“Doing” Digital Isn’t Enough
You’d be hard-pressed to find an executive these days who doesn’t have a prepped response for, “What are you doing about digital?” But the term, “digital,” today means so many different things that it almost means nothing.
Just about everyone is doing something: studying their user experience, launching a mobile application, building a big-data repository, migrating to cloud infrastructure, automating a cumbersome process, etc.
These are all laudable projects: all of them move organizations closer to the digital horizon. All teach organizations important lessons about what customers really want.
Many executives, though, are learning that being digital demands far more than just doing digital (even if you do a lot of digital). What does it mean that an organization is going beyond doing?
Six characteristics of successful digital companies
- They assume they know nothing. As consumers win ever more power in the digital shift, companies are forced to abandon tried-and-true demographics-driven approaches to segmentation. They strive to treat customers as individuals. But how to know what millions of individuals want? Digital companies embrace Lean Startup principles to learn. They start with a hypothesis, test it, and draw conclusions from the data they collect. Over time, the digital web of a customer’s responses to these experiments form a halo of information, what Cognizant calls their Code Halo.
- They iterate. If experiments yield knowledge about customers, then you learn more by doing more. That means being able to quickly iterate through the process from venturing a hypothesis to testing it to drawing a conclusion. That’s how smart digital companies today can build customers’ Code Halos. The more complete this digital portrait is, the better organizations can predict customers’ interests in real time, offer meaningful options and add-ons, and deliver a more satisfying, personalized interaction.
- They give customers a voice. And listen to it! Once upon a time, a bad customer experience yielded little more than an angry living room rant to your significant other that “we’re never going back there again!” But the rise of social media and the ever-present threat of a complaint going viral mean companies need to take concerns seriously. Digital companies give their customers an outlet. Uber asks customers to rate drivers. Netflix asks viewers to rate movies. Amazon asks shoppers to rate products. Just as importantly, they closely monitor social media for signs of discontent—and they’ll chime in as needed to address complaints before an issue can get out of hand.
- They are relentless foes of friction. Did you ever think that hailing a taxi took too much effort? Uber did, so they made it quick and easy. Netflix wasn’t satisfied with eliminating the drive to the video rental store, so they simplified browsing with a list of top picks based on the customer’s interests. Digital companies distinguish themselves by removing friction at the point of sale to make the consumer’s interaction with them as effortless as possible. That means looking for ways to make improvements even before the customer may have seen them.
- They marry the power of data with creativity. Digital businesses thrive when they seamlessly marry interdisciplinary teams of designers, data scientists, technologists, and so on. An exceptional customer experience – one where your customers are delighted to use your product – sets up a powerful virtuous cycle. The more they use it, the more data you collect. The more data you collect, the more you can improve the experiences. Digital is more than number-crunching or dreaming up new ideas: it’s using each to inform the other. Digital companies are experts in combining knowledge and imagination to fuel innovation. At Disney, they call it “imagineering.” In your company, it’s the key to the future.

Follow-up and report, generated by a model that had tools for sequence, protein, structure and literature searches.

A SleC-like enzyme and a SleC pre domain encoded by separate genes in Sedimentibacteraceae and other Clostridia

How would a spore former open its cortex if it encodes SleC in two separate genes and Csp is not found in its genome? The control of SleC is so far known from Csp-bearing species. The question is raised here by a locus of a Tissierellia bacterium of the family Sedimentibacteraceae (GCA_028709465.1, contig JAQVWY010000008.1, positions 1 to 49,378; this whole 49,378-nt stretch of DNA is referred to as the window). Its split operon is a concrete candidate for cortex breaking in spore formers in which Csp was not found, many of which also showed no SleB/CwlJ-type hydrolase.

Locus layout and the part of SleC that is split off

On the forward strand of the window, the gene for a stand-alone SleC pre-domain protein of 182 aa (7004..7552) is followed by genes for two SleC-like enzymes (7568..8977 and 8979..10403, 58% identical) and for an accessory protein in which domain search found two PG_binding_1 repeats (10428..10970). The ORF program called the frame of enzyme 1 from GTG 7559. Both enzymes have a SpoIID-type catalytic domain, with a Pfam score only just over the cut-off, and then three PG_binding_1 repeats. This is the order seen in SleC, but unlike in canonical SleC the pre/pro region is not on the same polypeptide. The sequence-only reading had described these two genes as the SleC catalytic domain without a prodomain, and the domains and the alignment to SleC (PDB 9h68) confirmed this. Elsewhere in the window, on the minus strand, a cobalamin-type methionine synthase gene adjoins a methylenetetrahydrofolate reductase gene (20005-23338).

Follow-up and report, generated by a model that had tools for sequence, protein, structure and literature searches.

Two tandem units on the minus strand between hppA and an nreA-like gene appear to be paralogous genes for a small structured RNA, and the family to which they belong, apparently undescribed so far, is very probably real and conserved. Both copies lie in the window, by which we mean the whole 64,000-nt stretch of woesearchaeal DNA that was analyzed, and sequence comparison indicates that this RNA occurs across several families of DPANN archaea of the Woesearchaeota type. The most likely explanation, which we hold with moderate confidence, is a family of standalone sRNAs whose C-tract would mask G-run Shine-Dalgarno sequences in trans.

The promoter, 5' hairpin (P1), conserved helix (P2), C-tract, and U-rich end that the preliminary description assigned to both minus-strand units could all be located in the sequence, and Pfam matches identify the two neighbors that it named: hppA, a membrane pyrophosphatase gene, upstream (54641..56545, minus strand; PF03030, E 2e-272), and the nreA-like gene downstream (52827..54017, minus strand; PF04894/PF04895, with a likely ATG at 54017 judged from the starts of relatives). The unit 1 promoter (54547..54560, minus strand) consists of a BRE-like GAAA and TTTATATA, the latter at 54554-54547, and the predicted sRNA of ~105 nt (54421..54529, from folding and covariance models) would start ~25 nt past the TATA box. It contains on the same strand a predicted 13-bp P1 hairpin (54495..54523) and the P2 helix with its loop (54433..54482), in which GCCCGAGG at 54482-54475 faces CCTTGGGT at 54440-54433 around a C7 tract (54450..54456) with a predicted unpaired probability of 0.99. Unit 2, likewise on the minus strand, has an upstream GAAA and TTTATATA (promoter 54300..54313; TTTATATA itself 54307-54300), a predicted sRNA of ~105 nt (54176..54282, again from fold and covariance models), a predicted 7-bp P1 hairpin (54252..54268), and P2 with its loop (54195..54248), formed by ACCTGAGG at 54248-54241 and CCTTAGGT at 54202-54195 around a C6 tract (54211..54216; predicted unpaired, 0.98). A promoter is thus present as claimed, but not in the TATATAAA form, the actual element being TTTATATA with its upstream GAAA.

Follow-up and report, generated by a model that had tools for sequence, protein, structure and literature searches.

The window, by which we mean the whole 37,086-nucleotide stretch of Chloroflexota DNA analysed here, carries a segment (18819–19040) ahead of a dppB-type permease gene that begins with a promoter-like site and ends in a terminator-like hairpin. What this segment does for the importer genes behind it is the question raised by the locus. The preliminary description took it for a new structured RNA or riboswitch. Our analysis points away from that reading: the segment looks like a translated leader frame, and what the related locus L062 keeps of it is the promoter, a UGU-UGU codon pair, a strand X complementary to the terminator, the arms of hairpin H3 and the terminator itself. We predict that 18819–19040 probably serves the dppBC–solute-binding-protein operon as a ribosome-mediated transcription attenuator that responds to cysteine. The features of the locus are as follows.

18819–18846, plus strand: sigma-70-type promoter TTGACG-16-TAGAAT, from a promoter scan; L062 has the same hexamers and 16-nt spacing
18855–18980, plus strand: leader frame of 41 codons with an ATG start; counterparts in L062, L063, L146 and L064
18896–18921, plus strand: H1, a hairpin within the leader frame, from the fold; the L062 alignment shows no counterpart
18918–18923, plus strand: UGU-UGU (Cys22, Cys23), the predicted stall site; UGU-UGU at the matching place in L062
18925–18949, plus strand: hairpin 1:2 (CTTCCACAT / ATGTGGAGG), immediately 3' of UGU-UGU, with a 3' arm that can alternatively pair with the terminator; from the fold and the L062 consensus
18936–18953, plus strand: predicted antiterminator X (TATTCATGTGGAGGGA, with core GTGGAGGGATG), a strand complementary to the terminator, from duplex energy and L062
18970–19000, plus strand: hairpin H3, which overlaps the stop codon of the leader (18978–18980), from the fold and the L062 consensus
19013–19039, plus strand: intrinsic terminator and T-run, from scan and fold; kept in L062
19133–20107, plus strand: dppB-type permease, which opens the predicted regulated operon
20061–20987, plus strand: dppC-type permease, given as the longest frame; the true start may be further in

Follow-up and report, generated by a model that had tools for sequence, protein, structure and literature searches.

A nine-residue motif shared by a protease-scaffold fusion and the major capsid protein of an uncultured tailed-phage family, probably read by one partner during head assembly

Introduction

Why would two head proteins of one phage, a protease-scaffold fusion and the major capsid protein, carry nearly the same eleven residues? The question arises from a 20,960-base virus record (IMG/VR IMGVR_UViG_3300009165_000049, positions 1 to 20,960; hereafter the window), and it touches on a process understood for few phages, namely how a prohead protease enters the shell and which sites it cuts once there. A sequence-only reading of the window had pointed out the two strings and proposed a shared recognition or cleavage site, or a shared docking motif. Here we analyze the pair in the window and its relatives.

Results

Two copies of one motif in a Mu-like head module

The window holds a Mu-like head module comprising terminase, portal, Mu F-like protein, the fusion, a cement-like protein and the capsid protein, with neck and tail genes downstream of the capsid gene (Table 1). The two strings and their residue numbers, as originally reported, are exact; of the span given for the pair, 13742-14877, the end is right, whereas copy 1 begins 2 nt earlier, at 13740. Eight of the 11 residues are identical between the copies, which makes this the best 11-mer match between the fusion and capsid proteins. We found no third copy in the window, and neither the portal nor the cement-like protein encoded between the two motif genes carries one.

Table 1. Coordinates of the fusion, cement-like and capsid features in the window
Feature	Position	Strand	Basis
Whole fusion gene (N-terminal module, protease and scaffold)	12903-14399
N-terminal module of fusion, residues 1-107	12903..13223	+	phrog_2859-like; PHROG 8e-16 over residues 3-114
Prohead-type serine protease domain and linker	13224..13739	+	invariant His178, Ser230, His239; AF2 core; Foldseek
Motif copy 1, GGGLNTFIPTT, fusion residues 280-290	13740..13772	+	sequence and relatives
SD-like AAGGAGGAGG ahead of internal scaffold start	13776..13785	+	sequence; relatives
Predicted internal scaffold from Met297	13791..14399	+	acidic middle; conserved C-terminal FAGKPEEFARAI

- They NEVER take a break. Successful digital companies continuously deliver—not just by being available 24/7/365, but also by leveraging their customer knowledge and market knowledge to anticipate emerging needs, match them with developing opportunities, and are the first to introduce new solutions to meet growing customer demand.
So how can you be digital?
Founder Elon Musk recognized that engineering and launching the car is only the insertion point for the customer experience. As the product is operated, its onboard computer captures millions of data points about that experience. Tesla builds Code Halos, for every driver, in every conceivable situation.
In turn, that can drive company strategy: what conditions to design for, what shortcomings need be addressed, where to build new charging stations, and much more.
Tesla learns from this information. A relentless foe of friction, it responds with nearly transparent software updates that not only fix problems and improve performance but add features. While they’re gathering data regarding product operation—marrying the power of data with creativity—they’re searching for ways to increase customer satisfaction and inform new features.
Then they deploy those new features digitally. (Quietly! At night! While it’s parked in your garage!) In a recent software update, Tesla improved the customer experience of every Model S owner by adding Automatic Emergency Breaking, Blind Spot Warnings, Range Assurance, Valet Mode, and more.
Tesla can do this because its differentiator isn’t a new car door or a sunroof, swooping lines or a super-quiet but powerful engine. These are all replicable by competitors. Tesla is all about the information being gathered, analyzed, and productively used to improve the customer experience. Tesla knows that becoming a digital company takes much more than having the latest technology; it takes having the characteristics of one.
What have I missed? What other characteristics do you think embody digital companies?
Let me know.
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